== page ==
After partaking of some refreshments from the hands of Mrs. Pluche and daughter, we re-embarked in our little boat at noon. The wind was blowing almost a gale from the direction of Lake Ontario, bringing down waves that made the voyage a dangerous one. At times, when in the trough, we could not see the land. Our oarsman, a stout, resolute young man, labored faithfully, with the boat’s bow up stream, but he could not make an inch of headway toward Cape Vincent; so, after heavy exertions and some anxiety, we were driven to the southern shore of the river, at a point opposite our place of departure. There we abandoned the boat and started on foot for Cape Vincent, when we met a farmer, with his wagon and rick, going to his field for hay. We hired him to take us to the Cape, and on soft, sweet dried grass we lay and rested in the cool air to the end of the wagon journey. The remainder of the afternoon was spent at the Cape in strolling about the little village, for the river was too rough to make a wished-for voyage to Grenadier Island either safe or pleasant. There we met General William Estes, who was conspicuous in the "Patriot War" in Canada in 1838, and visited the dwelling of Dr. Webb, the kitchen part of which is the remnant of the house of Richard M. Esseltyne, which, with others, was destroyed by the British. In it an American was shot.


We lodged at Cape Vincent that night, and at five o’clock the next morning departed in a lake steamer for Clayton (French Creek), sixteen miles below, where we landed, and breakfasted at the "Walton House," kept by a son of William Johnston, known among his British contemporaries in 1838 as "the Pirate of the Thousand Islands." There we were informed that the hero of many a romantic legend of the frontier was still living, in the light-house of which he was keeper, on a solitary island a few rods in circumference, five miles below, where, in company with two young ladies – traveling companions – I had visited him two years before. Hiring a boat, and a good fisherman as oarsman, we set out after breakfast to visit Mr. Johnston, prepared with fishing tackle to indulge in sport on the way. We trolled faithfully, but only a solitary pickerel of moderate size rewarded our watchfulness of the lines. Our dreams of mighty masquelonges, forty pounds in weight, which some young ladies, they say, sometimes "hook," were dispelled; but the kindly oarsman came to the assistance of our humbled pride as sportsmen with the pleasant suggestion that the late storm of wind had so roiled the water that "nobody couldn’t do nothin’ at fishin’ when the creeturs couldn’t see the spoon." And we were no more successful in catching a hero. Silence reigned on Rock Island. 70 Not a living thing was seen. Johnston lived there entirely alone, at the age of seventy-eight years. He was now absent, and the island was deserted. 71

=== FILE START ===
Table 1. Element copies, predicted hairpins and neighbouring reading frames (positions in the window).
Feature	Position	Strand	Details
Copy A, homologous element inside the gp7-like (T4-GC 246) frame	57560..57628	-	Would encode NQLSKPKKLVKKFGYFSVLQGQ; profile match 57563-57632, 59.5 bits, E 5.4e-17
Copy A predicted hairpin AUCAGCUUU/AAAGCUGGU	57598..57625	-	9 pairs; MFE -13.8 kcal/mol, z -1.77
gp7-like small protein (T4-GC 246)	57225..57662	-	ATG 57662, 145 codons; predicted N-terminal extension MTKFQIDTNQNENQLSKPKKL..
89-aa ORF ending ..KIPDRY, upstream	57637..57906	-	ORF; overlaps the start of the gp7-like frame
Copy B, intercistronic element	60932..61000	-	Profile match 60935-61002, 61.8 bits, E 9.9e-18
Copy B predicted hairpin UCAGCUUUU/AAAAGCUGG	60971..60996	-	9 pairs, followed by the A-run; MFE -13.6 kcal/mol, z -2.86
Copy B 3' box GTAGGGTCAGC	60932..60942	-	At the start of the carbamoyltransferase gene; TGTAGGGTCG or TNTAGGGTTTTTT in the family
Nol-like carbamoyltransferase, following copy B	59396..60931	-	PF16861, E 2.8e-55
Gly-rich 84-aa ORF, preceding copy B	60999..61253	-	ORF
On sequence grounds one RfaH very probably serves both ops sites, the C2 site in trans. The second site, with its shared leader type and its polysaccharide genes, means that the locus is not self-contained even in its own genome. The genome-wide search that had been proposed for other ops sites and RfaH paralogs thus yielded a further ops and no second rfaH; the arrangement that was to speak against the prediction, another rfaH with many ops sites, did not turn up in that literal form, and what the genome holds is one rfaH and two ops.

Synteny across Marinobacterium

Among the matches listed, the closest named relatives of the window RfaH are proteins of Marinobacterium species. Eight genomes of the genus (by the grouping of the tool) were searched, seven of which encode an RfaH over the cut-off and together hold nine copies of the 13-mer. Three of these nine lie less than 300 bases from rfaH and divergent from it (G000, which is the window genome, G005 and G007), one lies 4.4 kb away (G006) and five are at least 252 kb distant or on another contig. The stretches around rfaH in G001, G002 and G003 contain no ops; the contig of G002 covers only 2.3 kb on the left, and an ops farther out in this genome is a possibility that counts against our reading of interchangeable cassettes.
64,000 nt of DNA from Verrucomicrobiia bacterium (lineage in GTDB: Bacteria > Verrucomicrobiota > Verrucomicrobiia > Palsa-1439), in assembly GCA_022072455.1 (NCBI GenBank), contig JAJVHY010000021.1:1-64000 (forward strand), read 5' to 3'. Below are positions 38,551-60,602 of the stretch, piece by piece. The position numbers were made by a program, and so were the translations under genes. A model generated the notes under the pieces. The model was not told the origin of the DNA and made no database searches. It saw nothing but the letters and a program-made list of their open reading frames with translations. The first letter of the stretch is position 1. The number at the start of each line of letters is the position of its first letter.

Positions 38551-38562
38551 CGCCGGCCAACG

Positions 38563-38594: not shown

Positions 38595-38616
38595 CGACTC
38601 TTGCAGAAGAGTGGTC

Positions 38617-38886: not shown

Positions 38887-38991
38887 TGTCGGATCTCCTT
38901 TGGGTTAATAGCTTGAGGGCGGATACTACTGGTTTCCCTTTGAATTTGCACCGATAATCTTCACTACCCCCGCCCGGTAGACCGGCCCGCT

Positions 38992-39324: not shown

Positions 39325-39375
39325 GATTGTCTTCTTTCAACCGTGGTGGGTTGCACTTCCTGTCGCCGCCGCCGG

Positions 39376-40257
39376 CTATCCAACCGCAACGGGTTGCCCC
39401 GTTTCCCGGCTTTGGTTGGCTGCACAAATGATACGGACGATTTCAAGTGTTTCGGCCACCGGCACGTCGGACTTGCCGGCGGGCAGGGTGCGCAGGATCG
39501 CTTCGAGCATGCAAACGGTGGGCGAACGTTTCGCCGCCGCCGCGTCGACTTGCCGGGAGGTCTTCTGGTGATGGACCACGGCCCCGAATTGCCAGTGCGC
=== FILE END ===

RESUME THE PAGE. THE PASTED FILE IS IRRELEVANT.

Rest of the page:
After making a sketch of the light-house and its locality, we left in disappointment, and again trolled unsuccessfully as we floated down the current about two miles to Peel Island, the scene of Johnston’s exploit which caused him to be declared an outlaw by his own government, and gave him the name of "Pirate." This exploit was the destruction of the British mail steamer Sir Robert Peel at this place on the night of the 29th and 30th of May, 1838, by Johnston and some disguised associates, who were engaged with the Canadians in their armed resistance to government. The immediate object of the assailants appears to have been the capture, and not the destruction of the steamer, and with her aid to seize, on the following day, the steamer Great Britain, and convert the two into cruisers on the lake. Johnston had but thirteen men with him, but was promised that two hundred should be within call on the shore of the neighboring main. They were not there. He had not sufficient men to manage the powerful steamer, and, toward morning, he committed her to the flames. She was seized at Ripley’s dock, on Wells’s Island, taken into the stream, set on fire, and floated down and lodged against a small island near (represented in the sketch on the preceding page), which has since been known as Peel Island. 72